1 Year From IPO, Kinder Morgan Canada Ltd. Is Still a Dog With Fleas

In May 2017, Kinder Morgan Canada Ltd. (TSX:KML) went public at $17. Almost a year later, it’s to be avoided at all costs.

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We’re coming up on the one-year anniversary of Kinder Morgan Canada Ltd.’s (TSX:KML) initial public offering (IPO). If you’d bought shares in the pipeline operator’s IPO, you’re sitting on a whopping $0.28 gain in the 11 months since.

At the time of its IPO, I’d called it a “dog with fleas,” a line made famous by Michael Douglas in the movie Wall Street. One year later, I still think it’s a dog with fleas. Here’s why.

What’s changed?

I didn’t like the Kinder Morgan Canada IPO because I thought the company was simply passing the buck by putting the risk of the Trans Mountain expansion in the hands of retail and institutional investors here in Canada and taking it away from Kinder Morgan Inc. (NYSE:KMI).

I mentioned three issues I had with the Kinder Morgan Canada IPO: debt, politics, and cost overruns. Let’s have a look at how each of those is faring today.

Debt

As a result of the IPO, Kinder Morgan Canada repaid $1.4 billion in debt it owed its parent and also made an additional $262 distribution with the remaining proceeds. Kinder Morgan Canada got none of the proceeds.

I’m rarely a fan of IPOs. That’s especially true when the company going public doesn’t get any of the cash from the offering.

Today, it has no debt and $210 million in cash — it did raise almost $500 million in two preferred share offerings in August 2017 and December 2017 — although that’s likely to change should the Trans Mountain expansion actually go ahead.

In its Q1 2018 earnings release, it said it’s allocated $1.8 billion toward the $7.4 billion expansion in 2018, most of which it would have to borrow.

On April 8, Kinder Morgan Canada announced that it was suspending all non-essential activities and related spending for the Trans Mountain expansion until it got assurances the project could safely be completed.

The politics of it all

Bill Morneau is holding talks with both the Alberta and B.C. provincial governments as well as Kinder Morgan Canada itself to come up with a way to reduce the risk of the project, so it can go ahead by the company’s self-imposed May 31st deadline.

A recent survey suggests Canadians, and British Columbians in particular, are beginning to warm to the idea of a pipeline expansion in the Lower Mainland. According to Angus Reid, more than 50% of Canadians feel the expansion is a good thing for the Canadian economy.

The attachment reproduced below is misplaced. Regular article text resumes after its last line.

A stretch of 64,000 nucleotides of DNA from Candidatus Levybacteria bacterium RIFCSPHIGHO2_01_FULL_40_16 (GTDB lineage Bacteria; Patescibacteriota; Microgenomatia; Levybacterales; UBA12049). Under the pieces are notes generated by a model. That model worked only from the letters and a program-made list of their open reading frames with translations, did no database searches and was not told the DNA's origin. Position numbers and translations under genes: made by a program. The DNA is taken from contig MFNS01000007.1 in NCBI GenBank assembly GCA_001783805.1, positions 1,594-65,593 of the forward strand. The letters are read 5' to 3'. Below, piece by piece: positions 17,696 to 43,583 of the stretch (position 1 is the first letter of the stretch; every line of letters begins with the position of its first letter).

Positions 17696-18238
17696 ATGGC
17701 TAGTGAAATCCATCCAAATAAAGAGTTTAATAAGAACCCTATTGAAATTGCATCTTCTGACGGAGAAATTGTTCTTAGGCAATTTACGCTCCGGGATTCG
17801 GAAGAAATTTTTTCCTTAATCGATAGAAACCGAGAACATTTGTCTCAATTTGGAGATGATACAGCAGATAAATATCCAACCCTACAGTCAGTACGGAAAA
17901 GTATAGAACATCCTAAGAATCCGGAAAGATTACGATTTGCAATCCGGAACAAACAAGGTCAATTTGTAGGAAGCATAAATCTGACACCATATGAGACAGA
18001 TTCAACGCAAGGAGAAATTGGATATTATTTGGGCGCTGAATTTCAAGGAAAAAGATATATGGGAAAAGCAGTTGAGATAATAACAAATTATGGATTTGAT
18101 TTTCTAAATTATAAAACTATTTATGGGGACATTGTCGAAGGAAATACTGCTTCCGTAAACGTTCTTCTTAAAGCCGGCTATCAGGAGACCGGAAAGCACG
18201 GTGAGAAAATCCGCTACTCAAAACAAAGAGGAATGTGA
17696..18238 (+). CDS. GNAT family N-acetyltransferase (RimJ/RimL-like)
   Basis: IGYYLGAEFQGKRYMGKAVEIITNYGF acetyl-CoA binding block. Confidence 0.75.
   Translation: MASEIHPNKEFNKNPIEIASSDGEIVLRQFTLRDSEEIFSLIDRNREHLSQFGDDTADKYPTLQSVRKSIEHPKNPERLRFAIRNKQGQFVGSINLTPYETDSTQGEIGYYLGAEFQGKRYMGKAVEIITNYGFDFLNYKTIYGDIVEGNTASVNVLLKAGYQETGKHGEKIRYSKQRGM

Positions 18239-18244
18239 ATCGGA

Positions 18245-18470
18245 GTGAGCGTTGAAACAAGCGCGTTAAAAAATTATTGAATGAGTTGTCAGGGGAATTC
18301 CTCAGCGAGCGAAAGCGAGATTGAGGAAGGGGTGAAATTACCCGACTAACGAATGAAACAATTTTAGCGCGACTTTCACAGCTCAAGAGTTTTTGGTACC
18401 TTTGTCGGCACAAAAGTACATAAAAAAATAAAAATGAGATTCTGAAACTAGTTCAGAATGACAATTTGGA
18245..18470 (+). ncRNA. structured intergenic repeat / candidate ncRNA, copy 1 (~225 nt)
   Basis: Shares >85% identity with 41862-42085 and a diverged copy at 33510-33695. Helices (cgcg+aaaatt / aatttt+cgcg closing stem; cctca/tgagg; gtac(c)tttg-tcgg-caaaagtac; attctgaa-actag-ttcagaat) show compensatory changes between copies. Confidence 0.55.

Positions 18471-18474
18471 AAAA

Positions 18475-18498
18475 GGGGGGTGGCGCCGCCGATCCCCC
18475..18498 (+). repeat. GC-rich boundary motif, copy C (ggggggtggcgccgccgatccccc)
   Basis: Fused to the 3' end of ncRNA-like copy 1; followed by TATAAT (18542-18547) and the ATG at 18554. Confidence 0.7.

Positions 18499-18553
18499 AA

Interestingly, a majority feel Kinder Morgan has done a terrible job promoting the project so that Canadians would have gotten behind it from the beginning.

Frankly, I don’t think it’s surprising at all that Kinder Morgan failed to educate the public as to why its pipeline expansion was good for the country. It’s done a terrible job educating investors why it’s a good idea to own 30% of the company that’s building the pipeline.

How else can you explain its stagnant share price?

Cost overruns

To date, Kinder Morgan Canada has spent $1 billion on the pipeline expansion with another $1.8 billion to be spent this year should it go ahead.

Originally expected to be finished by the end of 2019, Kinder Morgan has pushed that to December 2020. Given the nature of infrastructure projects, you can be sure that means December 2021 and a billion or more in additional cost overruns simply due to the passing of time. The company loses out on $75 million in earnings for every month its in-service date gets pushed back.   

It wouldn’t surprise me if it cost $10 billion by the time all is said and done.

The bottom line on Kinder Morgan Canada’s stock

Last May, when I wrote my original article about its IPO, Kinder Morgan’s long-term debt (the parent) was 81% of its $43.2 billion market cap. Today, it’s 96% of its $36.3 billion market cap. I argued that compared to Exxon Mobil Corporation, its debt level was huge, and the situation has only gotten worse.

The Canadian business generated $160.7 million in income in 2017, $28 million of which is attributable to those holding the restricted voting shares sold in its IPO. The dividend accounts for most of that.

Is the 3.8% dividend yield really worth it? I don’t believe it is. It’s a dog with fleas.

This article represents the opinion of the writer, who may disagree with the “official” recommendation position of a Motley Fool premium service or advisor. We’re Motley! Questioning an investing thesis — even one of our own — helps us all think critically about investing and make decisions that help us become smarter, happier, and richer, so we sometimes publish articles that may not be in line with recommendations, rankings or other content.

Fool contributor Will Ashworth has no position in any stocks mentioned. The Motley Fool owns shares of Kinder Morgan.

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